My wife called 9 Songs "not completely untitillating," which, though dead-on accurate, isn't exactly a peter-meter boner for the most hardcore film ever from an above-board, non-X filmmaker. Michael Winterbottom, the respected British director of Welcome to Sarajevo and 24 Hour People, cast his Kama Sutra coupling with nice-looking people (Kieran O'Brien, Margo Stilley), and they have no inhibition going to town, up and downtown, orally and manually, in imaginatively kinky ways. So why isn't all this a celebratory turn-on, especially since the copulations are splendidly lit and shot?
There's something psychologically unnerving, I think, about Winterbottom's cross-genre melding of artiness and prurience. Mind and eye and body are jerked about. I'm not sure why, but the more prettified and professional the filming, the more uncomfortable to watch raw fornication, a dildo crammed in a pussy, sperm oozing out of a hard cock. Maybe the Puritans were right: sex is, let's confess it, squalid and filthy after all, and should be banished from mainstream cinema.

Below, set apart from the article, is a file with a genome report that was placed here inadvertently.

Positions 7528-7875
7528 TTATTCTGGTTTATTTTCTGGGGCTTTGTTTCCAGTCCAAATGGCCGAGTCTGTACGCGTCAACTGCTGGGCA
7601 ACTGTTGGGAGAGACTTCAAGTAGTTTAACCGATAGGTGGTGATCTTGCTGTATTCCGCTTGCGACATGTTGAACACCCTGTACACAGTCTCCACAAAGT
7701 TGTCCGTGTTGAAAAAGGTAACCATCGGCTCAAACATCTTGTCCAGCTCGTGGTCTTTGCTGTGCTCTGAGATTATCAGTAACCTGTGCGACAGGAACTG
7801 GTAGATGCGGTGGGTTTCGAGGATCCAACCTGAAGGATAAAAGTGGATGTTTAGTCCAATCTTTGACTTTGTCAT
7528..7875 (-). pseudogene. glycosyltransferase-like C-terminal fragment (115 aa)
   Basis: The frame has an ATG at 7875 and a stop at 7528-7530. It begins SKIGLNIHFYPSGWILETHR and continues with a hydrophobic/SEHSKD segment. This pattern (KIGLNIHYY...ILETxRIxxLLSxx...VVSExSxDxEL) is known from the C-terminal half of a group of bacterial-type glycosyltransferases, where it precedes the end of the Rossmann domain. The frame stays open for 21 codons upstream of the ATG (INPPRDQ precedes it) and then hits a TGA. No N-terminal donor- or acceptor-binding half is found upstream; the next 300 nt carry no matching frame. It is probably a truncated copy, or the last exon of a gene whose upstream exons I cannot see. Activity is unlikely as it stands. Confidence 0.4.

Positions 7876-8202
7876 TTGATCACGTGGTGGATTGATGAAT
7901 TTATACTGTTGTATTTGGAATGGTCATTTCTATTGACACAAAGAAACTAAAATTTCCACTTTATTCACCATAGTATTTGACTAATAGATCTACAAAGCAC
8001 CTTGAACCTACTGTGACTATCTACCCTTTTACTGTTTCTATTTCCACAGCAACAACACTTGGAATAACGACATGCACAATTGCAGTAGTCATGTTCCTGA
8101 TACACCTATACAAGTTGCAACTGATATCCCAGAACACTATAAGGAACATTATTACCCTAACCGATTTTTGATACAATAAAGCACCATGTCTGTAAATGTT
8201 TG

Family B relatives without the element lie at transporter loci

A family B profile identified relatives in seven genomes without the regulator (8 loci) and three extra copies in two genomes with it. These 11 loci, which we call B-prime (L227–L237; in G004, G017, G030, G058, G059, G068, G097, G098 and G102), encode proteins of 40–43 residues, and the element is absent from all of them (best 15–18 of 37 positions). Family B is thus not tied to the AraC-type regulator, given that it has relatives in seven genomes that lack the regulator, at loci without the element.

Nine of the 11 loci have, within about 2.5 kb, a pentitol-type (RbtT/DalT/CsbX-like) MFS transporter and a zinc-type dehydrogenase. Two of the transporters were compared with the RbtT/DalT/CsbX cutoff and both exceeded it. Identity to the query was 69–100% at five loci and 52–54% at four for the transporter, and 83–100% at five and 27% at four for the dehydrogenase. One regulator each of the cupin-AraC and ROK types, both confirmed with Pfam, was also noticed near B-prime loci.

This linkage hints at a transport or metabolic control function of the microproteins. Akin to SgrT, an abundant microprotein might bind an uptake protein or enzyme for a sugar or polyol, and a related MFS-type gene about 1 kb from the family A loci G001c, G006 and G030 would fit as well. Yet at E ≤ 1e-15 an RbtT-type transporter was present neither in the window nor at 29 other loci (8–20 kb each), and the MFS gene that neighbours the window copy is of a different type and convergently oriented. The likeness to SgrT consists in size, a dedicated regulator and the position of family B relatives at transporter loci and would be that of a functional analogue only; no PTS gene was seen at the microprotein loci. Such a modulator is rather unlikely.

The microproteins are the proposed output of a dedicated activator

But the unpardonable mistake of 9 Songs is, of course, there's no friggin' story! We know practically nothing about our oft-entwined couple, Matt and Lisa, except that they like clubbing, fucking, and sucking. I mean, who doesn't? (Well, clubbing can get awfully old.) Those aren't bios. There's not a doubt that the same sex scenes would register as ten times as lusty accomplished by a twosome with out-of-the-sheets identities.
Between bedroom trysts, Matt and Lisa clean their palates watching various headliners at London's Brixton Academy. There's some good music, but Winterbottom's videoing is frustratingly amateur, he mostly zooming in from the back of the club. Of the bands, the Black Rebel Motorcycle Club is a knockout, and Michael Nyman plays mellow piano celebrating his 60 th birthday.